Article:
How to boot TX1 from USB drive from R28.1 (JetPack 3.1)?


I found that by following the instructions on the JetHacks:

Naively modify the extlinx.conf as following will not boot TX1 from USB drive:


MENU TITLE p2371-2180 eMMC boot options

      MENU LABEL primary kernel
      LINUX /boot/Image
      INITRD /boot/initrd
      APPEND ${cbootargs} root=/dev/sda1 rw rootwait

LABEL emmc
      MENU LABEL primary kernel
      LINUX /boot/Image
      INITRD /boot/initrd
      APPEND ${cbootargs} root=/dev/mmcblk0p1 rw rootwait

And actually I see that my USB drive may not be connecting to TX1 on reboot for the fact that my drive has light on it and on reboot, it is not flashing at all.

Anyone could provide any assistance on this? Thanks!

We have information in [U-Boot Customization] in

And some posts about boot from SD

Other users may share experience about this usecase.

I don’t actually have a USB drive I can wipe out at the moment to test, but I do have a drive such that I can determine it “should” work. Two things need to be kept in mind.

First, there must be a continuity of service for the USB driver when transitioning from U-Boot to Linux. USB must be available continuously, and must not be reset part way into boot. This means that the USB port must remain USB2 at all times, both before and after boot (U-Boot does not have a driver for USB3…if Linux resets from USB2 and becomes USB3 you will lose the drive as the new controller enumerates).

Second, the extlinux.conf you want to modify is the one on eMMC, not the one on the USB drive. Most of the time. If you flashed and named something other than mmcblk0p1 on the flash command line, then this changes…but this is probably not what you really want unless you’ve succeeded already and have tested (and only then would you want to disable eMMC with a flash target other than mmcblk0p1).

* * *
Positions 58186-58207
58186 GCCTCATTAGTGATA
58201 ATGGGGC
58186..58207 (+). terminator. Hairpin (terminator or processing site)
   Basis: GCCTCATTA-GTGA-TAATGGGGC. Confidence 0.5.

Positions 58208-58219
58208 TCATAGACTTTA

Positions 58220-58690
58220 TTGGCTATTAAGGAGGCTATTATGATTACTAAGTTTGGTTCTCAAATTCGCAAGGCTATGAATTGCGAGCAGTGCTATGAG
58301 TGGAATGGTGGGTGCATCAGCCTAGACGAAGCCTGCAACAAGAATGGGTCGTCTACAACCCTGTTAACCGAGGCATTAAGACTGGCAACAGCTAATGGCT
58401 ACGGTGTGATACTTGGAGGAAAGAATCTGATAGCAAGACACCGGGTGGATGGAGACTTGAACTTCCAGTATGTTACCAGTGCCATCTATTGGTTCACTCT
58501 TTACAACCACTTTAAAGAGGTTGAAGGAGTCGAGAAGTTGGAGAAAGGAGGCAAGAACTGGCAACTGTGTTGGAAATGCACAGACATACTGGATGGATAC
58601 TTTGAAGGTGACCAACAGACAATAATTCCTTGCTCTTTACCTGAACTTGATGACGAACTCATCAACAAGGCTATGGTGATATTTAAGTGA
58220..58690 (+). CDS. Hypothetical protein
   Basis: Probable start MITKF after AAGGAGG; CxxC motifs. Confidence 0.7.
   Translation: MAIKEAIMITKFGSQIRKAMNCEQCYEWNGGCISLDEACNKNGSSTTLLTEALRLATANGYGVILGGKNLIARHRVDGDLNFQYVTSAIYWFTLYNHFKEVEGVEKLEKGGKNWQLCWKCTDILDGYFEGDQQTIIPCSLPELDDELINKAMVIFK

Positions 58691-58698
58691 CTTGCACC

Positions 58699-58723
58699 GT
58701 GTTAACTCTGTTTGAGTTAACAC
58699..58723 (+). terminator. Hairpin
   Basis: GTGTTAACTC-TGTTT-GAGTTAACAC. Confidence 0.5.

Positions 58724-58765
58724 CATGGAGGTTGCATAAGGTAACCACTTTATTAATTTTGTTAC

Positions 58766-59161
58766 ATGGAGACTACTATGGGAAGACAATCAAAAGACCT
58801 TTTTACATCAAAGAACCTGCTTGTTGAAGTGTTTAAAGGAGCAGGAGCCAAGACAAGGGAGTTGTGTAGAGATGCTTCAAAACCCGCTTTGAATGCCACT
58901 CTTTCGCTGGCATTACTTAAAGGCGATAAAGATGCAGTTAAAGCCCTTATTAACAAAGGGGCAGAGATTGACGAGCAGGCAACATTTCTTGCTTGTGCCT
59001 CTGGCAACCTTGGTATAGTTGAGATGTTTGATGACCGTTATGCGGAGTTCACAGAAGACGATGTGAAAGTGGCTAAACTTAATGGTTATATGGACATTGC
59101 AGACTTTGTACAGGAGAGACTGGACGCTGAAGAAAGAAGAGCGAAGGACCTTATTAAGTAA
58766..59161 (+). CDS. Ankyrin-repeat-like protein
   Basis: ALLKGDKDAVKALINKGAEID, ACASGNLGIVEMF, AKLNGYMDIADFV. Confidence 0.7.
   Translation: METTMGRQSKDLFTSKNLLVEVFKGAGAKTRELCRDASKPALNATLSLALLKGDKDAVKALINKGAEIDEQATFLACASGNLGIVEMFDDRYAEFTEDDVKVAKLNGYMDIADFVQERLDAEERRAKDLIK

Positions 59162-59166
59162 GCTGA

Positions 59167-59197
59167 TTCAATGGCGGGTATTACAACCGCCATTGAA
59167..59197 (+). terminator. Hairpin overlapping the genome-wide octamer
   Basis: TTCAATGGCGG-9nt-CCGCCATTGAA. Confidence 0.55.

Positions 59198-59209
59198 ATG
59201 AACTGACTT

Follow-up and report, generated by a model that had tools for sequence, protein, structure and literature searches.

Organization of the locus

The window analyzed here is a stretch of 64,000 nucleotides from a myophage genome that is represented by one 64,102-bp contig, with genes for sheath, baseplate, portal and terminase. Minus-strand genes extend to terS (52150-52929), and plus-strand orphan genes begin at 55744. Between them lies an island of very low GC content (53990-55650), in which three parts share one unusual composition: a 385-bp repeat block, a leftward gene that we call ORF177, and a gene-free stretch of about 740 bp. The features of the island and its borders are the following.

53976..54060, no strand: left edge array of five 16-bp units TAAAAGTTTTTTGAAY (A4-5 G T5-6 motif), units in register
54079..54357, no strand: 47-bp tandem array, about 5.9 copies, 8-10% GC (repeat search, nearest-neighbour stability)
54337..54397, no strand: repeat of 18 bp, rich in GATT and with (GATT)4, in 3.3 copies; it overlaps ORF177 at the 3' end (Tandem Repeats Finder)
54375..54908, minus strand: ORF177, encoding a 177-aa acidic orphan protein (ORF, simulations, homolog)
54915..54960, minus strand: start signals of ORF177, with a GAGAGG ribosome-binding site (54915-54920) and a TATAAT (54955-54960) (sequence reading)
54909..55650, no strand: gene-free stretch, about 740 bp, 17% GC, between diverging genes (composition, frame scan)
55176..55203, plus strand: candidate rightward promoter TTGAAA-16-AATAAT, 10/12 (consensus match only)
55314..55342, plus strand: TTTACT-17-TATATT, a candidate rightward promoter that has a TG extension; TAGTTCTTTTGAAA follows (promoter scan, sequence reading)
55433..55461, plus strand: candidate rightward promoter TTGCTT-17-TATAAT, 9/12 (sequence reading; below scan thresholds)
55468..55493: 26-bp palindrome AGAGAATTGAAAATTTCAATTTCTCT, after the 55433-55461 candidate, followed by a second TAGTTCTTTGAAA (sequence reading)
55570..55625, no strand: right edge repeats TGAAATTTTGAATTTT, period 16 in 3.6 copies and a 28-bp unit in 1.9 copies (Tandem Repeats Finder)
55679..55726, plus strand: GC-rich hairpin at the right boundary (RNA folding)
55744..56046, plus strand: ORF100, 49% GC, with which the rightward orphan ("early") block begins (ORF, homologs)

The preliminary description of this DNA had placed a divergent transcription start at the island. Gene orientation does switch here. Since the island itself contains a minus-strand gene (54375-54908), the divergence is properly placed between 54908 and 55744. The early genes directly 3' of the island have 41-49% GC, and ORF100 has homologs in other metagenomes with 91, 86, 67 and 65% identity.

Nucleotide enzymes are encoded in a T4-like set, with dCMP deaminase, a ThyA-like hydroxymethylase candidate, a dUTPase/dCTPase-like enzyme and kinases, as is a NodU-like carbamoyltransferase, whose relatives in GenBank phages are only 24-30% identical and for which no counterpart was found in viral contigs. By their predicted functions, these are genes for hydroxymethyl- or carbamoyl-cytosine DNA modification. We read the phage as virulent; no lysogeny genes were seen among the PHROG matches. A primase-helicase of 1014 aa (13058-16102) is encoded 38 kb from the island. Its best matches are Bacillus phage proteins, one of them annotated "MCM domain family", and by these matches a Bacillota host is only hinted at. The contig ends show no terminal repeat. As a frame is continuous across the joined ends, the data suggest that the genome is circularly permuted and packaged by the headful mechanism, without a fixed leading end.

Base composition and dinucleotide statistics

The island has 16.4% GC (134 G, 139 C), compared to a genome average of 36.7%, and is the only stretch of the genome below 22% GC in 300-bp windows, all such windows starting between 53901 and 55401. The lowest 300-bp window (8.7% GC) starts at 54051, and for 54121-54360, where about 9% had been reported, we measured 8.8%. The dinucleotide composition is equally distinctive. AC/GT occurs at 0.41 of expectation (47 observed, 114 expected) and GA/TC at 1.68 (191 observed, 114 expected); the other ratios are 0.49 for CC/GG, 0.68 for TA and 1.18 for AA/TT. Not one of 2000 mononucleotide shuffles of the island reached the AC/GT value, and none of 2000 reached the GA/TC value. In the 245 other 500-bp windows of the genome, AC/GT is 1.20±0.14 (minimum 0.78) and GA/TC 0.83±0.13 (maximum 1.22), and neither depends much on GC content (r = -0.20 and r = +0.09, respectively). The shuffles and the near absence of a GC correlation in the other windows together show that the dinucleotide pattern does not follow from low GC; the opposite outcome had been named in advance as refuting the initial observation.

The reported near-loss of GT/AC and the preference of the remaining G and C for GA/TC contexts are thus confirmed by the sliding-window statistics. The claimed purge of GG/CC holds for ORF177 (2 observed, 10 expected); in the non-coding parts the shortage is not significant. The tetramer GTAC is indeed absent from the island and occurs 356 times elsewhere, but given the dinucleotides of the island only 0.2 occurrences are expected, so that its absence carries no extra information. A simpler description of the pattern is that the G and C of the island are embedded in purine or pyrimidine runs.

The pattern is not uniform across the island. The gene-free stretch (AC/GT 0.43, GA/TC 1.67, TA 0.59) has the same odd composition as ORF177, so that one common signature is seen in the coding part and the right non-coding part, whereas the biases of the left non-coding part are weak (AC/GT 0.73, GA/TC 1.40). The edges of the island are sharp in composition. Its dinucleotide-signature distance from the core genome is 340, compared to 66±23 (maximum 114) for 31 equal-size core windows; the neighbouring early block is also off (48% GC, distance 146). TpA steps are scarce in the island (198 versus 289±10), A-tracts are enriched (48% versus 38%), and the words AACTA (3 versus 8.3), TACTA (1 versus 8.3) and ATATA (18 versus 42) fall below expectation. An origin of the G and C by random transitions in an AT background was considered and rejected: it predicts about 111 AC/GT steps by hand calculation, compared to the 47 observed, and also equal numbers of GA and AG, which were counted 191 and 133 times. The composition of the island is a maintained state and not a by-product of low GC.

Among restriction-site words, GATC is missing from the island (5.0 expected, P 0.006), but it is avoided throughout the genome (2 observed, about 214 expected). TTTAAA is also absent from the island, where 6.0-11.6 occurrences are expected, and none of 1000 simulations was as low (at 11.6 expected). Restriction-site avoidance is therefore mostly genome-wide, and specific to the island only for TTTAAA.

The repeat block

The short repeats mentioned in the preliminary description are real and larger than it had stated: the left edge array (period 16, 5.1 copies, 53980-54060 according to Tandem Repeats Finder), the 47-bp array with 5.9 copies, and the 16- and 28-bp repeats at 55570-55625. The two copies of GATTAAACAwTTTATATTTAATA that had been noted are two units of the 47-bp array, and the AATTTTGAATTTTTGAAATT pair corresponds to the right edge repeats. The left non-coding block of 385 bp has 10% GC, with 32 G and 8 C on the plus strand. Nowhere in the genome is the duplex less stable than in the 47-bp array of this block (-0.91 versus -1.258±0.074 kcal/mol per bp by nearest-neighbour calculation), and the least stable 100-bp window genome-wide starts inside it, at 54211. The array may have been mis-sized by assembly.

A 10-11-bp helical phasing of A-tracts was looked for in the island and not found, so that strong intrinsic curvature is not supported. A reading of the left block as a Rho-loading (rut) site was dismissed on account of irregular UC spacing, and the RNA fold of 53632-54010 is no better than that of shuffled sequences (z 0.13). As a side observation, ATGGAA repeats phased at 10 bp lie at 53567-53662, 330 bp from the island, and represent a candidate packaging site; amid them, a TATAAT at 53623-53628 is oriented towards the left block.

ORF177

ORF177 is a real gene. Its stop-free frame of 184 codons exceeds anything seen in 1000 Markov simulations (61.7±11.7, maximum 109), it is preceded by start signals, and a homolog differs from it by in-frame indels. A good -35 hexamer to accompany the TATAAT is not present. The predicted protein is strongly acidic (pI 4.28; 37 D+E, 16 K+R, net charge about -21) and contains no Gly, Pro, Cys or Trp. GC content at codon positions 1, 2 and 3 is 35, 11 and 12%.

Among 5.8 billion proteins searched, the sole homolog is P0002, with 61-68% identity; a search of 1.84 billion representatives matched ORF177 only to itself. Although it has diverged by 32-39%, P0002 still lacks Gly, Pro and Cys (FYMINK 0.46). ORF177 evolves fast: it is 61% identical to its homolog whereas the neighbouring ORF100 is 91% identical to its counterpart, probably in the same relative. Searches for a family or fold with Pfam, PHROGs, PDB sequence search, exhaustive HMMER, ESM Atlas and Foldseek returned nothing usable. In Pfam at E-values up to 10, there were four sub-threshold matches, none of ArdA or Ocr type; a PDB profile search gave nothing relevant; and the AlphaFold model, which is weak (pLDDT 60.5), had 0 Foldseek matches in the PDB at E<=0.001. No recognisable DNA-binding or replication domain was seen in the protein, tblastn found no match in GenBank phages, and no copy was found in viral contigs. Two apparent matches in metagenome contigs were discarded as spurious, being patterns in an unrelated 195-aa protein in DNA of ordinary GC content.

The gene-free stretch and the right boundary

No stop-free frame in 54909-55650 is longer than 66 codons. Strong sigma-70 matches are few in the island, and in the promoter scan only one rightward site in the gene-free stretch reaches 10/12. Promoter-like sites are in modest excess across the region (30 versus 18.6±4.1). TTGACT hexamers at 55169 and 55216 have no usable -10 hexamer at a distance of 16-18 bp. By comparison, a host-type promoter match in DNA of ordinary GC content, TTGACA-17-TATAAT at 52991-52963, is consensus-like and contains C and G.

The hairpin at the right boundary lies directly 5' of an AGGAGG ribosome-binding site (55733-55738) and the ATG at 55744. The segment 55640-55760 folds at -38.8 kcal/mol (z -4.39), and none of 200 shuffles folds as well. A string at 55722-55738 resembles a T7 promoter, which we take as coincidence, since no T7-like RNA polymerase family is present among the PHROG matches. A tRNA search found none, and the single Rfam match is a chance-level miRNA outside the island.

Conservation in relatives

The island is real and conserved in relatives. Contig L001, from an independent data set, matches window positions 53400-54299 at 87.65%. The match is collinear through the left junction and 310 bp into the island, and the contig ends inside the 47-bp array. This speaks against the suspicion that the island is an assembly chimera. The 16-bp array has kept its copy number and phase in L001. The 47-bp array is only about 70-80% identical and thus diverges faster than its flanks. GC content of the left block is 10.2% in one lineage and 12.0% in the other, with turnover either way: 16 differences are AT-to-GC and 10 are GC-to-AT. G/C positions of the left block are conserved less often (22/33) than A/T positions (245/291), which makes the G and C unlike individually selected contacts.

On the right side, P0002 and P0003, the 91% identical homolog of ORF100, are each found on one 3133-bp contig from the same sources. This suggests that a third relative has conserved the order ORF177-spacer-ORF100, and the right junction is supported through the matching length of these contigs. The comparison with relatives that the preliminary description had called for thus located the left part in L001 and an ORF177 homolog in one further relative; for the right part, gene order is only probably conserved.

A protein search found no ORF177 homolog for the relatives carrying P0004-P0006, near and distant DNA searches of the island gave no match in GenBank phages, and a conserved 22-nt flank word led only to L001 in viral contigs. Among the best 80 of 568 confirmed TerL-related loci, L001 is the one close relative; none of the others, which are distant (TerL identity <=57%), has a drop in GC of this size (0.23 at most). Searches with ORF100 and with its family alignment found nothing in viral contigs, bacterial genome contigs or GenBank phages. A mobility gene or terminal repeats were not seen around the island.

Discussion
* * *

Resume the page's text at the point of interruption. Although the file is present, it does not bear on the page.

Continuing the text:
Do you have serial console? Without this you can’t work in the U-Boot command line.

Within U-Boot command line you will want to see what happens when you issue the command “usb start”. Once this succeeds you can continue with the “boot” command. Try with both USB ports…they use different controllers. If that port shows as USB3 during normal operation without the drive, then that port won’t work. If you connect the drive to the booted system and run “lsusb -t” for tree view you will see “480M” on the right side for devices in USB2 mode, and “5000M” for devices in USB3 mode. You can set it up so a USB3 port only uses USB2.

I see your point that it is safer to use USB2 port with USB2 drive as always.
And yes, I am editing the extlinux.conf on the eMMC.

Could you firstly give me any suggestions on how to retrieve the extlinx.conf to the original version every time I failed to boot successfully from my USB2 drive? I am guessing there is a way to edit the extlinux.conf on eMMC when the booting fails. I am asking about this because I absolutely don’t want to flash my TX1 over and over again, this takes a lot of time.

If you have serial console you should be able to add alternate entries without removing the original boot entry. For example, one of the first things I do when I get a new L4T version to flash is to save a clone of the old version, and then edit the new extlinux.conf to add an SD card boot version as a rescue disk.

Assuming you don’t have an alternate entry, is it correct to assume you have a serial console set up? If you interrupt boot early on in serial console you can get to the U-Boot command line. If you run command “printenv” you will see a number of “boot_” variables. The command to continue boot is just “boot”, and this expands a series of variables. I’m thinking editing variables will do what you want, but before I go into detail, what is your current setup? Did you leave the original kernel and device tree in place? What change did you make to extlinux.conf?